AMSAT has received a launch date for the Fox-1A satellite. Fox-1A will be launched on August 27, 2015 on a United Launch Alliance Atlas 5 rocket from Vandenberg Air Force Base, California on the NROL-55 flight for the U.S. National Reconnaissance Office. The launch time has not been announced.
Fox-1A Operating Frequencies include:
Uplink 435.180 MHz FM
Downlink 145.980 MHz FM
The AMSAT Fox series of satellites will include additional opportunities for launch during 2015-2016:
Fox-1B will fly with the Vanderbilt University radiation experiments expected in 2016.
Fox-1C* will launch on Spaceflight’s maiden mission of the SHERPA multi-cubesat deployer during the 3rd quarter of 2015.
Fox-1D is a flight spare for Fox-1C. If not needed as a spare it will become available to launch on any open launch slot which becomes available and be submitted in a Cubesat Launch Initiative (CSLI) proposal in 2015.
Fox-1E is built as a flight spare for Fox-1B but has been included in a student science proposal as part of the November, 2014 CSLI for an ELaNa flight slot. If selected the Fox-1B spare will fly as Fox-1E.
* The flight for Fox-1C has been purchased by AMSAT. It is not funded by the Cubesat Launch Initiative ELaNa program. Fundraising for the $125,000 launch costs for Fox-1C are underway. We have commissioned a unique challenge coin for donors who have contributed at the $100 level or higher. This challenge coin is shaped as an isometric view of a Fox-1 CubeSat, complete with details such as the stowed UHF antenna, solar cells, and camera lens viewport. Struck in 3mm thick brass, plated with antique silver, and finished in bright enamel, the coin is scaled to be approximately 1:4 scale, or 1 inch along each of the six sides. The reverse has the AMSAT Fox logo.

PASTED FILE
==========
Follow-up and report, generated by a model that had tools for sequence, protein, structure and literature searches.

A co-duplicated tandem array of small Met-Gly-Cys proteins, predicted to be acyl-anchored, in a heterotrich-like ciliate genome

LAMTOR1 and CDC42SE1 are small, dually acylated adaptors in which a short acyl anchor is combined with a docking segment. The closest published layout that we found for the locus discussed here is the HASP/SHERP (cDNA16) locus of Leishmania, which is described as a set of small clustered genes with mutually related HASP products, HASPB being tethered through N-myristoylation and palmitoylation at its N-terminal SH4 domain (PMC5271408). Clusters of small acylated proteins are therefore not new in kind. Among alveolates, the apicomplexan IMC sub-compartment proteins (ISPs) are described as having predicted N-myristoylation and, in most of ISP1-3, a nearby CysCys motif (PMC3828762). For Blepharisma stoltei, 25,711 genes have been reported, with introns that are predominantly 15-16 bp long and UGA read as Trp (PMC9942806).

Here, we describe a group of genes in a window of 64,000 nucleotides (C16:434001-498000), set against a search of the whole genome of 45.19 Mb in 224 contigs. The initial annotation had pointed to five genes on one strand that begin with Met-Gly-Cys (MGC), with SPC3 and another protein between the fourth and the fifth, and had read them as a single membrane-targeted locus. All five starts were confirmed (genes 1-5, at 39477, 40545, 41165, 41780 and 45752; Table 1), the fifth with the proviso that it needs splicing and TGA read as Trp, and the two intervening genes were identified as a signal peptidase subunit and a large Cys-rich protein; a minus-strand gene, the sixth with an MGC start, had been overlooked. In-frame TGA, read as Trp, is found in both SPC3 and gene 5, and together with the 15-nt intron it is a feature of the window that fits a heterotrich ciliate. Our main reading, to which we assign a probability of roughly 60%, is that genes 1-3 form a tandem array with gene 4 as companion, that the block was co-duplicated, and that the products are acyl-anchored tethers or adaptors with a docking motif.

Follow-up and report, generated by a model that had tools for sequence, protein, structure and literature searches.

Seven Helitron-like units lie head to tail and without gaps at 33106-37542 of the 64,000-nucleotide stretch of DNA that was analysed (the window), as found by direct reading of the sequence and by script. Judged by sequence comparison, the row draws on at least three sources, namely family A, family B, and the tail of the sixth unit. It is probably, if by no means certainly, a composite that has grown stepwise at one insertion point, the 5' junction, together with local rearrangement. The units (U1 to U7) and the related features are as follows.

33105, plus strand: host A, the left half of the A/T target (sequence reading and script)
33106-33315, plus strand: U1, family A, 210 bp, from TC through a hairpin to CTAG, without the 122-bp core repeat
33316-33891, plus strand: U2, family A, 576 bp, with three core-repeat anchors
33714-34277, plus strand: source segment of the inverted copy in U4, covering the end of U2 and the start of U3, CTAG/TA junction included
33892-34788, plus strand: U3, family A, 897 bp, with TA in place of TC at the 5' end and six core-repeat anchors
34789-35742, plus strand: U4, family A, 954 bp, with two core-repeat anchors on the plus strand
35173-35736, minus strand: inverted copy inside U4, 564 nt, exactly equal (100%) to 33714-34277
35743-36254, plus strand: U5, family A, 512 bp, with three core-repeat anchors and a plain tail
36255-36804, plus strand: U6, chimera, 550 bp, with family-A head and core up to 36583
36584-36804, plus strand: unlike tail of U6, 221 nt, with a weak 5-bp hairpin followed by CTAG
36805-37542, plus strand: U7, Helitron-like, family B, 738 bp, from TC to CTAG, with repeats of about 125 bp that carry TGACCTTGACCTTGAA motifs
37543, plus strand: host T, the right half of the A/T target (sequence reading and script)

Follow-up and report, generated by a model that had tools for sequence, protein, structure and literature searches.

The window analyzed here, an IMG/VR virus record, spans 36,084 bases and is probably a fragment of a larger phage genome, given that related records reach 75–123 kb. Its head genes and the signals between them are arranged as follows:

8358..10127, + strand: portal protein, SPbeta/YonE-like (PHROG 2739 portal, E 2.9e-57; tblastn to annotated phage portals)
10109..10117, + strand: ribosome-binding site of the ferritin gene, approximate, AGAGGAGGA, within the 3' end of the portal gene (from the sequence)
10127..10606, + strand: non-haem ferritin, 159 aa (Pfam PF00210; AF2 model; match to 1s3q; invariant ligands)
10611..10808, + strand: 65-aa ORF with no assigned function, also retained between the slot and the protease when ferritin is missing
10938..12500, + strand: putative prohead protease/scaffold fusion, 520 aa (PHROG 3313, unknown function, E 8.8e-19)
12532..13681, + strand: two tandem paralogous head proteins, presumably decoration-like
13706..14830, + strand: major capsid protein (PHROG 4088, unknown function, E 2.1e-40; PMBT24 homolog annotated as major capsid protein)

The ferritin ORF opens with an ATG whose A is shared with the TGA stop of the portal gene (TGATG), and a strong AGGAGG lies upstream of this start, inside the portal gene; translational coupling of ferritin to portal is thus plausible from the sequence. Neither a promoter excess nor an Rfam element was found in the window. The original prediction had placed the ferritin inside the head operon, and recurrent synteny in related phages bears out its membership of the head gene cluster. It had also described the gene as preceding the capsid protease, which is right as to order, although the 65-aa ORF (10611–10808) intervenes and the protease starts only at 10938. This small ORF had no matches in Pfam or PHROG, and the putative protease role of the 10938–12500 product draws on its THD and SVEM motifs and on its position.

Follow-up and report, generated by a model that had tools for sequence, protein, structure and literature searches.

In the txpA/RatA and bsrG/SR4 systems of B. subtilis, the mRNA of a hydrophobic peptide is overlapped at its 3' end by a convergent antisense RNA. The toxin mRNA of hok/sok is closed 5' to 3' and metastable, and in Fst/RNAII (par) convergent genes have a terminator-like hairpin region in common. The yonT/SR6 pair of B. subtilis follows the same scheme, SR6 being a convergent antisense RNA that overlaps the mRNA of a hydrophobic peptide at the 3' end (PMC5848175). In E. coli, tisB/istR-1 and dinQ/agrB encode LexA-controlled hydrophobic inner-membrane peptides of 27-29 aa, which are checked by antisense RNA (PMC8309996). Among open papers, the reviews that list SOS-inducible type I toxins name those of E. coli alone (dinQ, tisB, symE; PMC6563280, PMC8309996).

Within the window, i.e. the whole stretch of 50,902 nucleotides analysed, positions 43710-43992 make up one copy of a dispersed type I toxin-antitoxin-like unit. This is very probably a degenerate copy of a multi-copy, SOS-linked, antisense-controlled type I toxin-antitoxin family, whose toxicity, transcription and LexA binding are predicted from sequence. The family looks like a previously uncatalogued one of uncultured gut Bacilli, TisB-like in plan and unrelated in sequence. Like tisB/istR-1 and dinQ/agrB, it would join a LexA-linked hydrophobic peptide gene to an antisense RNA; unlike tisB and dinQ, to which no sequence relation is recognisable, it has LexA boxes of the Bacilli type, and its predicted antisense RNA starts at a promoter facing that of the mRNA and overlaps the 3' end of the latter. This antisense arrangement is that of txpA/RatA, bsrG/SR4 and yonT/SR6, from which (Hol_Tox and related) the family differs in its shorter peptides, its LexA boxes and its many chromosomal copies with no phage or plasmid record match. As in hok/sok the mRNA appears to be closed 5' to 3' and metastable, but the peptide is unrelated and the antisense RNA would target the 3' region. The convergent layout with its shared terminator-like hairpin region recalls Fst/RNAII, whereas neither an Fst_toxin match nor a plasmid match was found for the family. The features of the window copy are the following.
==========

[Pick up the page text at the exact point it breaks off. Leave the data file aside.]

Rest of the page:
The AMSAT Space Symposium’s Keynote Speaker with be Jan King, W3GEY, founding member of AMSAT and former member of the Board of Directors & V.P. of Engineering. Jan’s keynote speech, entitled “Never, Never, Never Give Up!” will be presented during the Symposium banquet on Saturday October 11. As a teaser for his speech, Jan shared the following with our symposium team:
” So very much has changed in 45 years! For starters, our hobby of 1968 has become an industry. Launch vehicles can’t be had for the price of a NASA Administrator’s letter anymore. Launch costs are $100K per kilogram now. ITAR? Not worth discussing. So, what do we do? Is it time to say, “We had a really good run at this” and let it go? We showed some people who cared and wanted to listen that you can do a lot with a little. Should we call it quits and give it up? There are those who ask me questions that start with, “Back in your day….?” It is particularly those people, I’d like to show…that we really
Jan King, W3GEY, prepares AMSAT-OSCAR 7 for a vibration test.
are made of the right stuff. We still have things we know that Government Experts and wide-eyed university graduate students don’t. Silicon Valley is now filled with satellite experts who aren’t. The average university graduating electrical engineer still can’t make a 2 meter pre-amp with a 1 dB noise figure, and wouldn’t know how to start. Unless, of course, they figured it out from the Internet. Ah yes, the Internet! Another small change since 1968. We’ll talk about it in October. Hope to see you in Baltimore. W3GEY.”